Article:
• Hill Country offers rolling hills, grasslands, and clear flowing rivers lined with limestone. A popular hike is Enchanted Rock, a granite dome near Fredericksburg in central Texas.
    • South Texas Plains stretches from the Hill Country to the lower Rio Grande Valley.
    • Prairies & Lakes is exactly that. Vast spreads of grassland prairie, with rolling and hilly terrain and man-made reservoirs. Major cities in this area include Dallas, Fort Worth and Killeen.
    • Pineywoods in East Texas is a woodland wonderland, with thick pine forests and swamps.
    • Gulf Coast offers abundant seafood, coastal marshes and major cities, including Houston and Corpus Christi.
    Big Bend National Park will amaze you. Photo by the author, Rebecca Bridges

    8. Great food.

    All that adventuring sure works up an appetite. And Texas has some of the best Barbeque and Tex-Mex around. But the diverse culture also means we have amazing Southern, Latin, African and European food. No matter what you’re hungry for, you’ll find it in Texas.

    It’s scientifically proven that Chips & Queso from Pappasito’s is good for whatever ails you. (Study data available on request, your results may vary.)

    TIP: There are 3 things that are different in Texas than other states. How we handle drivers licenses, car registration and electricity. You can find out more in this article.

    4 Negatives When Moving to Texas

    There are also some downsides when moving to Texas. Here are 4 of the cons on Texas.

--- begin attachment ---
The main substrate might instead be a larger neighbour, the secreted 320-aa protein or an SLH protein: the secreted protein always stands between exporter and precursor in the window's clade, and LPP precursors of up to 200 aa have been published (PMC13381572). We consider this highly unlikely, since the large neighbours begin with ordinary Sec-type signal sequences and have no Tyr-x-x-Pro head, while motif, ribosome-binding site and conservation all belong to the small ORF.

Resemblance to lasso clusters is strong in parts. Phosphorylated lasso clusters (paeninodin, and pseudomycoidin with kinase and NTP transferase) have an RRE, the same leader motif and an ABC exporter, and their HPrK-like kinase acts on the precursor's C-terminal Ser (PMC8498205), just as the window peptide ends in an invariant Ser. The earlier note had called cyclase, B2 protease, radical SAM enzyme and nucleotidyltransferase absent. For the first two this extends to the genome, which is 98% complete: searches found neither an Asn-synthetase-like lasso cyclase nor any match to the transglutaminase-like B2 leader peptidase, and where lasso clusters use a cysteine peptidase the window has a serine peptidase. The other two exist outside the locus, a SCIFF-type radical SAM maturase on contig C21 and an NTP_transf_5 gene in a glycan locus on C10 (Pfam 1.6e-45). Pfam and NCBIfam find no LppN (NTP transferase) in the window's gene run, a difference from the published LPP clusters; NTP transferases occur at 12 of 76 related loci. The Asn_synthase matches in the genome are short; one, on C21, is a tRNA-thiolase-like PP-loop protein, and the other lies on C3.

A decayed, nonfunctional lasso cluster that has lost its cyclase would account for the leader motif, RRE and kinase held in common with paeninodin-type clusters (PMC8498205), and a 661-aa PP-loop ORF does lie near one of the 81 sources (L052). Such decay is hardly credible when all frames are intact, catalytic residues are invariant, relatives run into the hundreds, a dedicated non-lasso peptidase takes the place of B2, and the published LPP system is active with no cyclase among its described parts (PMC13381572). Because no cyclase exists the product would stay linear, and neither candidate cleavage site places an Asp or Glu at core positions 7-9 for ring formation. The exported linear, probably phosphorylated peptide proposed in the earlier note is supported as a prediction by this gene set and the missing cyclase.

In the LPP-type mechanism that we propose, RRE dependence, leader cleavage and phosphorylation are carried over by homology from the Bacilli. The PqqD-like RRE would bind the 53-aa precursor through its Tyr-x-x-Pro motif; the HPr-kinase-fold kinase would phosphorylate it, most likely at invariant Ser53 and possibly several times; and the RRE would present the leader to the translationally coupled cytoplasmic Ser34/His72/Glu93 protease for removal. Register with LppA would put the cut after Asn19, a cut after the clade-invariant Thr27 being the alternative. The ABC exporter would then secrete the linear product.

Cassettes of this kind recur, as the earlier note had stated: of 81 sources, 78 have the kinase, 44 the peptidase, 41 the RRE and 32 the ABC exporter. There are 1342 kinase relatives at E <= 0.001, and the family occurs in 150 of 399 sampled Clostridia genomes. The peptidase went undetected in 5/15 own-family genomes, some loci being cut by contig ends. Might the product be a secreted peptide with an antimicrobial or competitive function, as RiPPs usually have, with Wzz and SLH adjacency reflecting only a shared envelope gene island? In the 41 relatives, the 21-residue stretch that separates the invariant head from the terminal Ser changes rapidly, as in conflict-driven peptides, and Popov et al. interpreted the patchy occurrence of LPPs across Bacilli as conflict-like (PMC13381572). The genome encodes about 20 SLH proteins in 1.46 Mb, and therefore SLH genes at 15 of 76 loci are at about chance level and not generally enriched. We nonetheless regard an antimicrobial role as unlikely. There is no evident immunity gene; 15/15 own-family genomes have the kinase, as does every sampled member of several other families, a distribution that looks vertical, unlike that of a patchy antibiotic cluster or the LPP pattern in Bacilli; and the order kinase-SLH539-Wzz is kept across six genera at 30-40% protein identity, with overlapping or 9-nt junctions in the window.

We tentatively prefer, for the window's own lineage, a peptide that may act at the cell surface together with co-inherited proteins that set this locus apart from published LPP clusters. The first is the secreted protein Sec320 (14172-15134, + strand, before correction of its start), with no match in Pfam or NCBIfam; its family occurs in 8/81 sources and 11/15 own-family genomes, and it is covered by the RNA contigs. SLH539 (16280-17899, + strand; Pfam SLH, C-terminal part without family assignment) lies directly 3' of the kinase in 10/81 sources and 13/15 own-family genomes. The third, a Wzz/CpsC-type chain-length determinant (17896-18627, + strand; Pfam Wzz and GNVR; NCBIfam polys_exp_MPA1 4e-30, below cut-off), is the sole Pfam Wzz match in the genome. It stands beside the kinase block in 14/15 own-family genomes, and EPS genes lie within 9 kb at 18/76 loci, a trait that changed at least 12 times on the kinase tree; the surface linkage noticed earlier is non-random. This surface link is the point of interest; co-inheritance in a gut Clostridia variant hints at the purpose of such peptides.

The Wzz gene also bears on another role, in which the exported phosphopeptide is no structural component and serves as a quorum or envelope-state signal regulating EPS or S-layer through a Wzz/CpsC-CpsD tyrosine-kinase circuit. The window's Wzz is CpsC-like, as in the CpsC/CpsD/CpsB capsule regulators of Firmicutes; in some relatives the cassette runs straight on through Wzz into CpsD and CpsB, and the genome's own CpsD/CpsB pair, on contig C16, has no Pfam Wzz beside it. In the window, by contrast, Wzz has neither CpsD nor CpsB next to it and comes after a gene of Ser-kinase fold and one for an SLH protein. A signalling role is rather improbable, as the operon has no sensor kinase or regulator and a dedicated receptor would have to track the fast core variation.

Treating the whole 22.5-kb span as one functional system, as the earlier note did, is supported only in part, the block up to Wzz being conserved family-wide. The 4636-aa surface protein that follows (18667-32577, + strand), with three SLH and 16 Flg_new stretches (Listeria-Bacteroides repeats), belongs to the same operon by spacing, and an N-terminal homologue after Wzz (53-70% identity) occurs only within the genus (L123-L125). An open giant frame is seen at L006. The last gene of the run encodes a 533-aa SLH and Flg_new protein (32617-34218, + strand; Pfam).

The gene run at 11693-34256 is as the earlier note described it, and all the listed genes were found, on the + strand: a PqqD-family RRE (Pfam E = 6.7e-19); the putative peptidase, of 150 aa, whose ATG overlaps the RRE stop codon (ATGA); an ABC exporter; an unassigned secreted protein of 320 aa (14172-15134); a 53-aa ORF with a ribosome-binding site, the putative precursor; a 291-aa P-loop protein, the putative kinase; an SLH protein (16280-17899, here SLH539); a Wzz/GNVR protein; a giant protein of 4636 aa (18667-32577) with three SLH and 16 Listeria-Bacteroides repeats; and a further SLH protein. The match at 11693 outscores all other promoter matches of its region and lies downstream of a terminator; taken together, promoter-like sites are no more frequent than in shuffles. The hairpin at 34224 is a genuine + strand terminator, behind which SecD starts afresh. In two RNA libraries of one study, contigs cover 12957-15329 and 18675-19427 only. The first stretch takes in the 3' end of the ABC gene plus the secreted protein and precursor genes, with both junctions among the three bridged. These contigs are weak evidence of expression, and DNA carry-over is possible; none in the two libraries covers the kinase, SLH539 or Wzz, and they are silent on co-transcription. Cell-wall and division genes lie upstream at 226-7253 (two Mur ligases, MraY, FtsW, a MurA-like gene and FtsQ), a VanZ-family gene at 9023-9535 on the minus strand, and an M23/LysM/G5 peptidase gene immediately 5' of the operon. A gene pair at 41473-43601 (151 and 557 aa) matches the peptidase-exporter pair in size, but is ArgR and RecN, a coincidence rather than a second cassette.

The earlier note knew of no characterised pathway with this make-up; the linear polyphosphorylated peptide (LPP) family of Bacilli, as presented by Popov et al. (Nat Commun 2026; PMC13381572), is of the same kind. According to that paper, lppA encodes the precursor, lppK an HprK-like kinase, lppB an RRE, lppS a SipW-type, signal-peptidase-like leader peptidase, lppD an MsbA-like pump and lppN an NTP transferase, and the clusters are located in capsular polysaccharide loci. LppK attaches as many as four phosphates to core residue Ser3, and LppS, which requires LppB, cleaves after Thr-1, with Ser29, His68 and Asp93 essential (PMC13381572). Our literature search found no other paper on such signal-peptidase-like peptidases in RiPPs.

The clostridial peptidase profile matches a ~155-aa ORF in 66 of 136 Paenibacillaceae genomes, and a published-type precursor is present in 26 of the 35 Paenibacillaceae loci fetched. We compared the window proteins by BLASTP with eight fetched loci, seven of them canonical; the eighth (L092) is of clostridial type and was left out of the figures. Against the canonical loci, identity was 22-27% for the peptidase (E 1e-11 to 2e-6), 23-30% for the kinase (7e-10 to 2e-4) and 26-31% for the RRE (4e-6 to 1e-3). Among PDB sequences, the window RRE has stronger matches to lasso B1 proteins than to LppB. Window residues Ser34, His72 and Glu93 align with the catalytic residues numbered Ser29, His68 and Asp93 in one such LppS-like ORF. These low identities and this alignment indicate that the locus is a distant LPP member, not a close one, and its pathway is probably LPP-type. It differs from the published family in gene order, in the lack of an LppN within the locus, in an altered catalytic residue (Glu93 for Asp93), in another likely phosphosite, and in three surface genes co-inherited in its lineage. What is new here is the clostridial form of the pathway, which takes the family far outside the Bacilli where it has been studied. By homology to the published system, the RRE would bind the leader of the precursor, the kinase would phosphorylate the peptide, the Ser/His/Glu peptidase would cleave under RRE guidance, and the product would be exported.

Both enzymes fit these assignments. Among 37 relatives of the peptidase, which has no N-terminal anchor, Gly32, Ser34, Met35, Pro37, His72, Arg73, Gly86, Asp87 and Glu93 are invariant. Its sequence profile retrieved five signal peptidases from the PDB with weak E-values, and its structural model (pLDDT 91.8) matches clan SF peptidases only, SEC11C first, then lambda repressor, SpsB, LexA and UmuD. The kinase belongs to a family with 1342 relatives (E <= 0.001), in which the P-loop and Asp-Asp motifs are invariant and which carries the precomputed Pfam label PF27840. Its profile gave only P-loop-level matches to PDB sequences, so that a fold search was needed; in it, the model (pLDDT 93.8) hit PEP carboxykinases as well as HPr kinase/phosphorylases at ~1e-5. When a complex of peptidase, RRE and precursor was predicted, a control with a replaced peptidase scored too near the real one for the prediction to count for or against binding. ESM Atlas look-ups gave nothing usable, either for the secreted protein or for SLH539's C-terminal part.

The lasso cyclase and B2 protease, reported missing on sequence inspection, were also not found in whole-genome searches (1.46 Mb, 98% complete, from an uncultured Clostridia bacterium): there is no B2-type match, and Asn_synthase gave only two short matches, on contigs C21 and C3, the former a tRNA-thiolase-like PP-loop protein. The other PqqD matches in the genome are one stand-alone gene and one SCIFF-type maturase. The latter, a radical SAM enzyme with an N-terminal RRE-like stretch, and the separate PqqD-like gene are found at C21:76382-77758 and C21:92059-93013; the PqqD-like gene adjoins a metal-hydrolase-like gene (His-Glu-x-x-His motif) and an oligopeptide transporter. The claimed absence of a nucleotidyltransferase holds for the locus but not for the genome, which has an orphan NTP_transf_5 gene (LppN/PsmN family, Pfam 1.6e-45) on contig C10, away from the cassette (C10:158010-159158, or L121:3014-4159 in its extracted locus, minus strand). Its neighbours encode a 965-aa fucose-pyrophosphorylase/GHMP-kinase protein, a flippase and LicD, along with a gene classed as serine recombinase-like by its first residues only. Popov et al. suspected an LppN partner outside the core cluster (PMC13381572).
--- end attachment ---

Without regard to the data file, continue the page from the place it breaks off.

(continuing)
1. Weather: it’s really hot here.

    Weather extremes are becoming more normal across the US, and Texas is no exception. We experience the occasional deep freeze during the winter, hurricanes during the summer, and blistering heat.

    Summer of 2023 was the second hottest summer on record in Texas.

    Hot temperatures mean lots of air conditioning and higher average electricity bills. You’ll want to buy an energy efficient home and shop for the cheapest electricity rates in Texas.

    2. Property taxes and sales taxes.

    Money to fund infrastructure, services and education has to come from somewhere. With no income taxes, Texas gets its funding from property taxes and sales tax.

    Shopping for sugary treats or clothing? You’ll pay sales tax.

    Buying your dream home? Prepare to pay for property tax, school tax and possibly taxes for water and sewage.

    On a positive note, homeowners can apply for a homestead exemption for their primary residence. This exempts the first $100,000 value of your home from taxes.

    3. Limited public transportation.

    Moving to Texas? You may need a car.

    Public transportation in major Texas cities is limited and largely dependent on busses, unlike the subway or rail systems you’ll find on either US coast.

    4. Limited access to affordable healthcare.

    Texas has some of the largest major medical centers in the country. But can you afford health insurance?

    Texas has the highest rate of uninsured residents in the country (18.4% or roughly 5.4 million people). The Texas state legislature has voted not to accept federal funding that would expand Medicaid.

    Also, according to statistical data from the Commonwealth Fund from 2023, Texas is ranked 48th in the country for healthcare access and affordability.

    About Rebecca Bridges

    Rebecca Bridges has worked in deregulated energy markets since 2001. As chief marketing officer for ElectricityPlans, she focuses on helping consumers save on their electricity bills and find the best electricity plans. Outside of work, Rebecca uses her marketing experience to support dog rescue and can often be found hiking or biking local trails.